A judge in Texas has been sanctioned by the state for displaying a rainbow flag in her courtroom.
Bexar County Court’s Judge Rosie Speedlin Gonzalez is out and she flies the rainbow flag in her court because it shows that “everyone is welcome into this courtroom.”
She didn’t think that the flag would be a problem because other judges have flags and symbols in their courtrooms. One judge who’s a veteran has a camouflage robe and another flies an Irish flag to take pride in his heritage, she said.
But San Antonio lawyer Flavio Hernandez was “offended” by Speedlin Gonzalez’s rainbow flag and he filed a complaint with the Texas Commission on Judicial Conduct, saying that the flag meant that the judge couldn’t be impartial.
“I think a judge bringing in symbols of sexuality — regardless of what kind of sexuality — I think that has no place in the courtroom,” he told Texas Lawyer.
He said that he would have been just as offended by “a swastika or confederate flag,” effectively comparing being gay to being a white supremacist.
The Commission agreed with him and sanctioned the judge with a private warning. The Commission said that Judge Speedlin Gonzalez violated the rule that requires judges to act in a way that “promotes public confidence in the integrity and impartiality of the judiciary.”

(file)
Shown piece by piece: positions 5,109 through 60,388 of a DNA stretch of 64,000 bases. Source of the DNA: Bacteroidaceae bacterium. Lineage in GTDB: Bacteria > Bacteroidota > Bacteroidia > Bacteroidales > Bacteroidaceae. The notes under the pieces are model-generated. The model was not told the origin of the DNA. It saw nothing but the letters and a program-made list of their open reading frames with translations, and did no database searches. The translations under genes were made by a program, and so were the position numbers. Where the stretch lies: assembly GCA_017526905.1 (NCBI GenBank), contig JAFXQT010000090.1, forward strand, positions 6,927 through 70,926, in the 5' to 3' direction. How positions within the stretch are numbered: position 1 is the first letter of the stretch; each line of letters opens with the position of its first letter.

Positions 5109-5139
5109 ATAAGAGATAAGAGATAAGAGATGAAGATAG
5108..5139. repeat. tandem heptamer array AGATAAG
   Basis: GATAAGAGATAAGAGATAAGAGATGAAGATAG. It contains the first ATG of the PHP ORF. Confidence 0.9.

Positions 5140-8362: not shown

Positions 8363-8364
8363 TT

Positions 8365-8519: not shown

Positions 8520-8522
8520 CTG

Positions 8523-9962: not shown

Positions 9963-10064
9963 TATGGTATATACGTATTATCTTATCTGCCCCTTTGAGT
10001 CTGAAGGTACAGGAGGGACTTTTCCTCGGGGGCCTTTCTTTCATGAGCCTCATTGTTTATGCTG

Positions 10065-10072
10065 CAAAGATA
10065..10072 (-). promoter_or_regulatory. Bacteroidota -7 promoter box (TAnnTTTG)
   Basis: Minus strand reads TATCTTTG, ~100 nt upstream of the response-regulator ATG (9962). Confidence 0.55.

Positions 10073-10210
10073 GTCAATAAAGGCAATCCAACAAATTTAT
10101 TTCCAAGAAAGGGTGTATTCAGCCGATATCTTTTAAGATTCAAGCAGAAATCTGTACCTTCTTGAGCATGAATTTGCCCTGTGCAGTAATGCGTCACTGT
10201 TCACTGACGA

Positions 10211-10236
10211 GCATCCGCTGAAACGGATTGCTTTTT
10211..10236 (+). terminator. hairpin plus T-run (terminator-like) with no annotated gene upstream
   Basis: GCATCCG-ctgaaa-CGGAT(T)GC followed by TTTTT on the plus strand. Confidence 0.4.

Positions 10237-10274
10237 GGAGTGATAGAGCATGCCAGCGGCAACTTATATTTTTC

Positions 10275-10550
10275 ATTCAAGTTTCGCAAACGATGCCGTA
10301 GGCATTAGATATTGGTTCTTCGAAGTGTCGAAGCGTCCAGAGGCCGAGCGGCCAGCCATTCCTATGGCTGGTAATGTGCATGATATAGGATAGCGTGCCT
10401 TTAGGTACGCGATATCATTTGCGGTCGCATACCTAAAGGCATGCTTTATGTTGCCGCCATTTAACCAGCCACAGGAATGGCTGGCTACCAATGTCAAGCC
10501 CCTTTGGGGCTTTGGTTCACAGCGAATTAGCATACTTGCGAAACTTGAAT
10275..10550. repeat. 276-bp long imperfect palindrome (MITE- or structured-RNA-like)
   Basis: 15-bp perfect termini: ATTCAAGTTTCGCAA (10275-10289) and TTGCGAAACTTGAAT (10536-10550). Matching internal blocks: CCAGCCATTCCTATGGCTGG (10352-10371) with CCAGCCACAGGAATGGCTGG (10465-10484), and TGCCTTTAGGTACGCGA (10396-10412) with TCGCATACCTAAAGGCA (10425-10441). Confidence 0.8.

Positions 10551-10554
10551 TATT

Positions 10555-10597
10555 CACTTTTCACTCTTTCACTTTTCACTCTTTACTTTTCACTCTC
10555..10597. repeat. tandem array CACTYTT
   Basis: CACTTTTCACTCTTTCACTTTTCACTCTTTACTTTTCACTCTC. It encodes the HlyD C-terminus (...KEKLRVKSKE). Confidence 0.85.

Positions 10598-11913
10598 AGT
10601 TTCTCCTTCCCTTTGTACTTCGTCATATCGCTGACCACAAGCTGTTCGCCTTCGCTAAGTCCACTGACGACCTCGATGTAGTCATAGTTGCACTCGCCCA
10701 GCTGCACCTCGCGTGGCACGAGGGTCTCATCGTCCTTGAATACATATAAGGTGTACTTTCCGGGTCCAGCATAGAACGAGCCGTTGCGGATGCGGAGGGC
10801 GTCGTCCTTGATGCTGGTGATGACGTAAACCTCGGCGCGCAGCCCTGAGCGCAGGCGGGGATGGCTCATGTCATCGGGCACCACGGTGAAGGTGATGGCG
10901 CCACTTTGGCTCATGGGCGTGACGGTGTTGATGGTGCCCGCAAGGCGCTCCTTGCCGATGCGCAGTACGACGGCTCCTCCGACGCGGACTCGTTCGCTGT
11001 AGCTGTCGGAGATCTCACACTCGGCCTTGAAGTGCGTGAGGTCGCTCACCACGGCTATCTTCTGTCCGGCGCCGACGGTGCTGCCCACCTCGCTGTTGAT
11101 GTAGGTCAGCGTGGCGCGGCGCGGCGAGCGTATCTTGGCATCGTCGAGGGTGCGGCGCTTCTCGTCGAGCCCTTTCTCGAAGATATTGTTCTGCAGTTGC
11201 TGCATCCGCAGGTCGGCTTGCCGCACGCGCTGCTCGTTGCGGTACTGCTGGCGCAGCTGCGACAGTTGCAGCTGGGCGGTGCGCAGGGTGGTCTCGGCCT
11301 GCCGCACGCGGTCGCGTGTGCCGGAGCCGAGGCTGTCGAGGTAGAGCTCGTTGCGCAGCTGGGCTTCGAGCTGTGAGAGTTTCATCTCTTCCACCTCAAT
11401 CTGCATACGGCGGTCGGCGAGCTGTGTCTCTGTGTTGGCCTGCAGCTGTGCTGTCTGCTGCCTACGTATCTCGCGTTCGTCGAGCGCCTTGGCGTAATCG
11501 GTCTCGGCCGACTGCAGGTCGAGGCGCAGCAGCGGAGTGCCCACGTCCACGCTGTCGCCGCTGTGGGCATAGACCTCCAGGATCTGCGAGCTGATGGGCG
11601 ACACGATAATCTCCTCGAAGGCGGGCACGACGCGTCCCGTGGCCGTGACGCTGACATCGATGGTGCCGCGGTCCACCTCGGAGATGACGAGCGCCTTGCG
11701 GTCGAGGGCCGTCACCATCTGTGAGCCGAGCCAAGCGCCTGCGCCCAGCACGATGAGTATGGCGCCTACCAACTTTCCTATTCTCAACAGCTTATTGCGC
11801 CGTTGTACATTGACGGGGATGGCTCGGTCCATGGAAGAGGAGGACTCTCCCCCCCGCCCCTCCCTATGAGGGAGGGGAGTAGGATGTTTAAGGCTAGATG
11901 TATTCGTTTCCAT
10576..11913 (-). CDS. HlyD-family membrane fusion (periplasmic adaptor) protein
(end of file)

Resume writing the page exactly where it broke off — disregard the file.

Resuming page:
The Commission also took issue with a pen Speedlin Gonzalez uses and a strip of cloth with a colorful Mexican design on it that she wears on her robe, which she said weren’t even Pride symbols.
“The pen and the strip on my robe did not even follow the sequence of the rainbow,” she said. “It was just colorful.”
She said that the Commission “overreached” and she’s planning to appeal the decision, arguing that it violates her freedom of speech.
“Singling out a symbol or flag for display because of its content, that violates the First Amendment,” First Amendment litigator Chip Babcock said.
The judge can’t share the private sanction with journalists because she plans to appeal the decision, and the Commission says its private sanctions are strictly confidential.
Last year, the Commission admonished a judge who refused to perform same-sex marriages even though she performs opposite-sex marriages, arguing that LGBTQ people violate her “sincerely held religious belief as a Christian.”
That judge is appealing the decision as well, and Texas Attorney General Ken Paxton (R) has already said that he will not defend the Commission in that case, saying that “judges retain their right to religious liberty when they take the bench.”